Operators given mobile security warning

Features

But with responsibility comes opportunity...

Mobile operators have the opportunity to differentiate themselves, secure customer loyalty and even additional revenues by providing "clean pipe" services to customers and partners, but must act before regulators and governments force through flawed rules forcing compliance, Mobile Europe has been told.

Currently, there is agreement across the industry that there is a marked increase in the amount of security threats to mobile device users. Andy Dancer, CTO EMEA of TrendMicro, told a London audience last week that the rate of growth of malicious applications is "dramatic".

"Get ready for take-off," Dancer said, "Only a lack of an apps monoculture has been saving us to date." However, both Android and Apple are now reaching sufficient scale in the apps community to attract malicious apps, experts warn.

It is the Android platform, though, with its more open architecture and fragmented number of versions, that is more at risk. Geoff Casely, Managing Director EMEA, NetQin Mobile, said that the number of Android malware threats detected by the NQ Mobile Security Research Team increased from less than 500 at the beginning of January 2011 to more than 9,900 at the end of December 2011, a 1,880% increase within a single year.

"We are seeing a dramatic increase in the sophistication with which cyber criminals exploit vulnerabilities on smartphones," he added. "Rootkits, botnets, and other advanced forms of malware are becoming a major concern for our security experts. We also need to look at the standardisation of mobile OS security as the platforms mature. The wide range of OS variations puts consumers at risk, as older platforms are more susceptible to malware infection."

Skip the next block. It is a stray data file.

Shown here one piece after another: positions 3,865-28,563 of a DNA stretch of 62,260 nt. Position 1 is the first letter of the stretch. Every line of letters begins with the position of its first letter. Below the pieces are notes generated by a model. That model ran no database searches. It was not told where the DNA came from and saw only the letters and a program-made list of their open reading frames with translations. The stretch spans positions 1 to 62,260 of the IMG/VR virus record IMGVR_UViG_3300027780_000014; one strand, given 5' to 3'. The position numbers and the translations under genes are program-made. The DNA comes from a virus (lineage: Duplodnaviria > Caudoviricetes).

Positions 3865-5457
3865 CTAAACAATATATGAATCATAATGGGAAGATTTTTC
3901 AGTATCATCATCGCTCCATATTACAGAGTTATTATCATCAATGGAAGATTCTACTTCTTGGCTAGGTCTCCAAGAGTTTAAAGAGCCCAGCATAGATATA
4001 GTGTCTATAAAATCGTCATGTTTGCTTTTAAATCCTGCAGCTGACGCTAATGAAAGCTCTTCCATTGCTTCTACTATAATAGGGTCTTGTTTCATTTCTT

Thorsten Schneider, Global Head of Security Solutions at Nokia Siemens Networks, said that the growth in the smartphone market meant that mobile malware had got a "lot more interesting" for criminals. He named m-payments and banking, sensitive company data and access to the phone dialler or messaging client as attractive targets.

With this threat has come both responsibility and opportunity for mobile operators. TrendMicro's Dancer warned that if the industry doesn't take care of its responsibilities, then it may be forced to do so by regulators, in a manner that is unwelcome.

"The industry must act or it will be forced into acting. With a single victim, it [being hacked] matters to the customer but not necessarily to the operator. But it only takes one high scale or high profile hack and then you can end up with rushed or bad regulation," Dancer warned.

Schneider said that NSN's view is that operators can go beyond fulfilling a duty to protect their consumers, to using security protection as a revenue generator. Operators are investing in network-level security to enable these services, Schneider said, as well acting as distributors for client level software. Operators could even profit from providing such a service, charging users a premium for "clean pipe" services, or bundling such a services into a tariff for a high value customer, or enterprise client.

"The operator has a responsibility but it is also in a unique position to provide security protection as a service, rather than as a one-off download," Schnieder said.

One issue for operators, though, is that they cannot control all aspects of a user's experience. A user may be accessing services, websites, and app stores outwith direct operator control. Here, a combination of

"Operators need to look to both educate and protect mobile users, as soon as they turn on their mobile device," Casely said. Through providing their customers with preloaded security platforms and enhancing network security through real time monitoring and network controls, operators can help ensure that their customers remain protected from malware and other security threats," Casely argued.

For example, NQ Mobile has an Operator Partnership Program that provides mobile operators with security solutions for their customers.

"In most cases,' Casely said, "We are able to rapidly deploy preloaded NQ propositions to their subscribers; normally on a revenue share basis."
NQ Mobile also offers operators the ability to utilise its cloud intelligence capabilities to empower a host of "powered by" integrated services across the consumer channel and into enterprise space.